36 Results for

whatwg

Article

Browser makers get past high-resolution image impasse

Newer screens packed with pixels are great for detail, but only if software can take advantage of them.

By February 3, 2014

Article

W3C names not one, but four HTML5 editors

In a new approach, two Microsoft employees, an Apple employee, and an independent consultant now edit the W3C's "snapshot" version of the fundamental Web standard.

By July 25, 2012

Article

W3C narrows 'HTML5' logo meaning to HTML5

The Web standards group clarifies that its HTML5 logo really is just for HTML5. To tout your site's use of WOFF, SVG, and CSS, there are smaller, gray icons.

By January 24, 2011

Article

Mozilla, HTML5 editor differ with Microsoft

The Web standards world and Microsoft are getting reacquainted with one another. But it's not all kumbaya around the campfire.

By May 7, 2010

Article

HTML editor dumps 'HTML5' even as W3C touts it

Concluding HTML version numbers are a relic of a bygone age, Ian Hickson adopts a "living document" approach. Not so the W3C standards group.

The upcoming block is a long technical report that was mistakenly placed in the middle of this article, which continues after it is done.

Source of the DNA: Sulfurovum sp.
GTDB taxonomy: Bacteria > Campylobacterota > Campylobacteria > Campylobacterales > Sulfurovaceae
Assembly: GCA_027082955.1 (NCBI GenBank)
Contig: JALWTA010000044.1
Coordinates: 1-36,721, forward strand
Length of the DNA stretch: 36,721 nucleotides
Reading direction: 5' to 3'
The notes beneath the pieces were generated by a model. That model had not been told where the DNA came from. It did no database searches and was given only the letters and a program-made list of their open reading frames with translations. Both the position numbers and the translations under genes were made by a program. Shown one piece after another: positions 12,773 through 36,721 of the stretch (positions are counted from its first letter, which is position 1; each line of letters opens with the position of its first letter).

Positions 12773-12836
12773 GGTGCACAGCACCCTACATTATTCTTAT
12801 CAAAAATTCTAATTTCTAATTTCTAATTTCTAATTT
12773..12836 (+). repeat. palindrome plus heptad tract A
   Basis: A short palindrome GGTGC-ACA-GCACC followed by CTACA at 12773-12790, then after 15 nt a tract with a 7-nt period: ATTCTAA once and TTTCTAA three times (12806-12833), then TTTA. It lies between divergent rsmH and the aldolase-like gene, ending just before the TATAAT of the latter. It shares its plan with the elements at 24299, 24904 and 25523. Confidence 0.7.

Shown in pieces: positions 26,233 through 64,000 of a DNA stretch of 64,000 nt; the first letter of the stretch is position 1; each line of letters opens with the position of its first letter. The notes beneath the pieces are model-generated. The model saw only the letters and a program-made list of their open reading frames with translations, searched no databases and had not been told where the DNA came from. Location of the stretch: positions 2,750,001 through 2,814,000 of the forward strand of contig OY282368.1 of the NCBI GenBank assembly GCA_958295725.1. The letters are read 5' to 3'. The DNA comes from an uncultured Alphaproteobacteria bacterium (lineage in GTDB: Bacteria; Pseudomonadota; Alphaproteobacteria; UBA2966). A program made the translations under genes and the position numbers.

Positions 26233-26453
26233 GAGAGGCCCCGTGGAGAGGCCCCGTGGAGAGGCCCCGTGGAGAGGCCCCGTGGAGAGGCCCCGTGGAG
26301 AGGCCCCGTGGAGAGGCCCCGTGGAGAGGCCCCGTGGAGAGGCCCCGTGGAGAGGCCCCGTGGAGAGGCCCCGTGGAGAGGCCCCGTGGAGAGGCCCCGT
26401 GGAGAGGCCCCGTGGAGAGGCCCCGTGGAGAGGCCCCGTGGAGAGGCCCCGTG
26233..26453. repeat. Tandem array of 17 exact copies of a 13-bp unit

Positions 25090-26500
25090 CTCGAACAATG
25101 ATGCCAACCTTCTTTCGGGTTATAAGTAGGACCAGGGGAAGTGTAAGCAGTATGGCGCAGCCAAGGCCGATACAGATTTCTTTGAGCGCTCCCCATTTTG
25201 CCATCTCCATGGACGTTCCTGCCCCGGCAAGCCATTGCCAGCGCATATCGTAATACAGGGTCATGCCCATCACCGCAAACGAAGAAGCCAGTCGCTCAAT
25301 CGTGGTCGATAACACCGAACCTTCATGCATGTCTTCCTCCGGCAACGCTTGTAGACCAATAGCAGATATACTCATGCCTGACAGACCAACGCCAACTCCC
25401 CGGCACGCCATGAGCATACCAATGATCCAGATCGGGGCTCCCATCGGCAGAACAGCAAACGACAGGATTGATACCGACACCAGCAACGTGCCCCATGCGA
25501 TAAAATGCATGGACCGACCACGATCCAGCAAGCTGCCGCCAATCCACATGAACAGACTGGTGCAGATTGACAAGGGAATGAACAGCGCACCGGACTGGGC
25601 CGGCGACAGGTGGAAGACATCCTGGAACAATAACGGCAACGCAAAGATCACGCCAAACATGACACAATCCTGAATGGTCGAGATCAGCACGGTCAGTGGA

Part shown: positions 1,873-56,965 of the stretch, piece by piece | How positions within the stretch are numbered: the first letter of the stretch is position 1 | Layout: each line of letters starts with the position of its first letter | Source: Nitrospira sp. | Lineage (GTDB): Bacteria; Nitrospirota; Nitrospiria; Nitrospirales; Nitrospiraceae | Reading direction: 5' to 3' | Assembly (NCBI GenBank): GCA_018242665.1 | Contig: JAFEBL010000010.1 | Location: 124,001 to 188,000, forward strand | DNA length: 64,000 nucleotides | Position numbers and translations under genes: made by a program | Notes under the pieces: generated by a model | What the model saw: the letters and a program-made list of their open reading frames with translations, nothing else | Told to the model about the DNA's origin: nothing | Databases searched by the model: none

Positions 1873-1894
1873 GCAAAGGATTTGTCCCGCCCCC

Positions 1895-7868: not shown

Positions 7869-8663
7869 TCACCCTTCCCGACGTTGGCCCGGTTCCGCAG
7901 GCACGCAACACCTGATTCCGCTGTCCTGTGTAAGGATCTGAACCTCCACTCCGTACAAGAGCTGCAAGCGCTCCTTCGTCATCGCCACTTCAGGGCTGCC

By January 20, 2011

Article

Growing pains afflict HTML5 standardization

Emotional disagreements between two groups are disrupting the creation of the high-profile standard at the heart of the next-generation Web.

By June 28, 2010

Article

HTML gurus modernize Acid3 browser test

Flexibility is the order of the day as Web technology developers try to keep the easy-to-run but imperfect test from holding back developments of new standards.

By September 19, 2011

Article

HTML groups tackle Webcam support

A draft specification aims to make Web-based videoconferencing possible. It's part of the push to let Web applications do what native applications can.

By December 15, 2009

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W3C buttons down HTML5, opens up HTML5.1

The core language of Web pages is a step closer to standardization and a more advanced companion to tackle things like video captions, autocompleted form entries, and spell checking.

By December 17, 2012

Article

W3C: new members extend Web standards work

The World Wide Web Consortium's fresh blood includes China Unicom, Netflix, LG Electronics, Facebook, and Zynga.

By May 10, 2011